Liberalizing Influence of Pope John
Speculation Over Policies of the New Pope
Election of a successor to John XXIII, the “Pope of Unity,” is awaited with keen interest in Christian and Communist countries alike. The Pope's death on June 3, terminating a reign of four and one-half years, came at a time of ferment in the Roman Catholic Church. Believing that it was better to stress what unites rather than what divides mankind, the late pontiff softened the Vatican's stern attitudes toward Protestantism and toward communism. It has been said that Pope John's brief but extraordinarily eventful reign brought the Counter-reformation to an end.
Now the world is wondering whether the next occupant of the Chair of St. Peter will carry on the progressive policies of Pope John or revert to the conservative position of previous pontiffs. The most important decision facing the new Pope concerns the ecumenical council which convened in Rome last Oct. 11. Under canon law, an ecumenical council is automatically suspended by the death of a Pope. It is therefore conceivable that the new pontiff will postpone the second session of the council or reorganize its various committees. Outright termination is considered unlikely; the forces of change unleashed by Pope John are thought to be too powerful for containment.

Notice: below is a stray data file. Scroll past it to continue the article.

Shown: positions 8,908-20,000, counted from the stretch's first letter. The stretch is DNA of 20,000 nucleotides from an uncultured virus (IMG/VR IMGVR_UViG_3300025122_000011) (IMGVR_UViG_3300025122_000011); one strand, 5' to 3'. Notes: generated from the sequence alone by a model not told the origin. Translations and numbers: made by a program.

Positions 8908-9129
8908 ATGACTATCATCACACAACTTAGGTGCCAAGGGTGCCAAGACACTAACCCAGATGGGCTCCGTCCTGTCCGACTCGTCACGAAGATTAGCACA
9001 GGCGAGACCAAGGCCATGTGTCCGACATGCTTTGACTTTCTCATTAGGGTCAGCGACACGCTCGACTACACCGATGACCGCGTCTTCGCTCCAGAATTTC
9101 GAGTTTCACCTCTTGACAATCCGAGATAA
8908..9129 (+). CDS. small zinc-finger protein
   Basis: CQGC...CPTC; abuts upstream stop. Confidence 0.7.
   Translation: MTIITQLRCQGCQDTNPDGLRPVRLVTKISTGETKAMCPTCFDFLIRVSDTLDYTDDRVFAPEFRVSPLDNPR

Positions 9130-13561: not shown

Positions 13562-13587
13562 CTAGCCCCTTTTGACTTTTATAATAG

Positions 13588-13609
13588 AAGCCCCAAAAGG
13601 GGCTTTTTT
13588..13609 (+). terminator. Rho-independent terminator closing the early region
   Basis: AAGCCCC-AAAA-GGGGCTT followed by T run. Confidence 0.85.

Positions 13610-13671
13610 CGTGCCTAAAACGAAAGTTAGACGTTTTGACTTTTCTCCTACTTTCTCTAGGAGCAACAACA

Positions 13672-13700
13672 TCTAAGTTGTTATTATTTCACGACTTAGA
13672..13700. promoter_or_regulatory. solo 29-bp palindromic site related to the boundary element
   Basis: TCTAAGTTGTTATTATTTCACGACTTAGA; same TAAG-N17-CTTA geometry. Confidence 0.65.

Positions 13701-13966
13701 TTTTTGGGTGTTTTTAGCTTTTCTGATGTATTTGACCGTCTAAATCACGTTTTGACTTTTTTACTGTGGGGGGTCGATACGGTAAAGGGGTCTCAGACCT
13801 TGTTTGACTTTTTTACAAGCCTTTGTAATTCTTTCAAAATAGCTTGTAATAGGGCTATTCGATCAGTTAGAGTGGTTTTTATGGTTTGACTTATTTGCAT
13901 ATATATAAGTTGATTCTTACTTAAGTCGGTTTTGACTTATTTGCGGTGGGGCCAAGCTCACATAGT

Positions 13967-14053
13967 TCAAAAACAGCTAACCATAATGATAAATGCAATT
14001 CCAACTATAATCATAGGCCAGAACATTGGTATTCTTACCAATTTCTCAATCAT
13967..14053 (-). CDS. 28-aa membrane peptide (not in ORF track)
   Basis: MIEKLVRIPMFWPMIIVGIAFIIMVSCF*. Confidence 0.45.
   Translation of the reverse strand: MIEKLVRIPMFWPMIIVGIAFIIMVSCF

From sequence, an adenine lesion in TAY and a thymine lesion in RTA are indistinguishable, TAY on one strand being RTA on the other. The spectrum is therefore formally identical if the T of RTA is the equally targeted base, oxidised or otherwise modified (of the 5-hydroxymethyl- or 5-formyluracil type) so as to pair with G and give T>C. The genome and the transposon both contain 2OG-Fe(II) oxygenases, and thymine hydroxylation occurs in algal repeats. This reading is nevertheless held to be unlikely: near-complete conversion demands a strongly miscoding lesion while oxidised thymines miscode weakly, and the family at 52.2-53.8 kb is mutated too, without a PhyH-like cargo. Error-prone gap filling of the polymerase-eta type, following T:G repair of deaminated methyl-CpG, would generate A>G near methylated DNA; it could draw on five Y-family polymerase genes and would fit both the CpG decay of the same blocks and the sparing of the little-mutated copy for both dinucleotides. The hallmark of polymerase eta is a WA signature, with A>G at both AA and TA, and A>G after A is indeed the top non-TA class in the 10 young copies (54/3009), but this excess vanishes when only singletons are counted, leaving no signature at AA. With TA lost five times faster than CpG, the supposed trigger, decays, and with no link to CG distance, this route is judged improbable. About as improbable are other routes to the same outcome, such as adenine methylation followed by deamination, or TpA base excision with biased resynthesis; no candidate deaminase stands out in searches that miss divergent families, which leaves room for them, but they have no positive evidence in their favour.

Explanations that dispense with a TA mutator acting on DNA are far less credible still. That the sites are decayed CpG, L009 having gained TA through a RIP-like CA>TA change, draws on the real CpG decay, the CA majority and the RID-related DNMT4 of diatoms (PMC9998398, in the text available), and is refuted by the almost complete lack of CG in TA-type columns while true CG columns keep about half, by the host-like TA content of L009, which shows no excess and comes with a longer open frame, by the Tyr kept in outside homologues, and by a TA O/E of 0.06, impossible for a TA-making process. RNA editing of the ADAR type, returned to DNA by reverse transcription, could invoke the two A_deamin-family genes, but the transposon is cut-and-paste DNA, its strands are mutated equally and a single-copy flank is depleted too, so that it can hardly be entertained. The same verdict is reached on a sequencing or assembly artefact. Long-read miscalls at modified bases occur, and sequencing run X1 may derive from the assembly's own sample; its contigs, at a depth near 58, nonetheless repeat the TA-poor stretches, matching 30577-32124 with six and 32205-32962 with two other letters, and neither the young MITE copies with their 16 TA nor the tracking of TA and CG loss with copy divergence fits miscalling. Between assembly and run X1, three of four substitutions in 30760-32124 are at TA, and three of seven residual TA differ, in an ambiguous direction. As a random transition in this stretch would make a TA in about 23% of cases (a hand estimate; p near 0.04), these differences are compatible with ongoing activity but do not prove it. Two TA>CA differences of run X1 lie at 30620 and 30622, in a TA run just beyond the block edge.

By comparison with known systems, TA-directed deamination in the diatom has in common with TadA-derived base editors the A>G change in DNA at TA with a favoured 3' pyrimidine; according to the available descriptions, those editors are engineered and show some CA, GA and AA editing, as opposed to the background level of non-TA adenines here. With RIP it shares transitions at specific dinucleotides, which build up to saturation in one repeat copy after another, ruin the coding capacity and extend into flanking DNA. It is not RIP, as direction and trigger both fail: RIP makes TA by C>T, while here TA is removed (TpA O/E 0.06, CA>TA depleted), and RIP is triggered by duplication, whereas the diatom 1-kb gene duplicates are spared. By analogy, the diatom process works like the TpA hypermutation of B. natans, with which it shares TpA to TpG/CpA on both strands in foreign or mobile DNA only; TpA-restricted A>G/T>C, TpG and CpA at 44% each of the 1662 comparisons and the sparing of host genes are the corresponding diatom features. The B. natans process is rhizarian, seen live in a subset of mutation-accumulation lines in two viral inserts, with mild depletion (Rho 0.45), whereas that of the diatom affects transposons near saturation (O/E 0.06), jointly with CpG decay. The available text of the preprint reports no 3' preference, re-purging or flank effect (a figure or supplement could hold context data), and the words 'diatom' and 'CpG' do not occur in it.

Pope John's Encyclical on Economic Questions
Pope John's philosophy was summed up in two major encyclical letters, Mater et Magistra (Mother and Teacher) and Pacem in Terris (Peace on Earth), both of which were praised by non-Catholics as well as by Catholics. Mater et Magistra, dated May 15, 1961, was the third in a series of papal encyclicals on social and economic questions.
The first, issued in 1891, was the Rerum Novarum (Of New Things), in which Leo XIII affirmed the right of workers to organize; the second, in 1931, was the Quadragesimo Anno (40th Anniversary), in which Pius XI urged that wage earners be “made sharers in … the ownership, or the management, or the profits” of the companies for which they worked.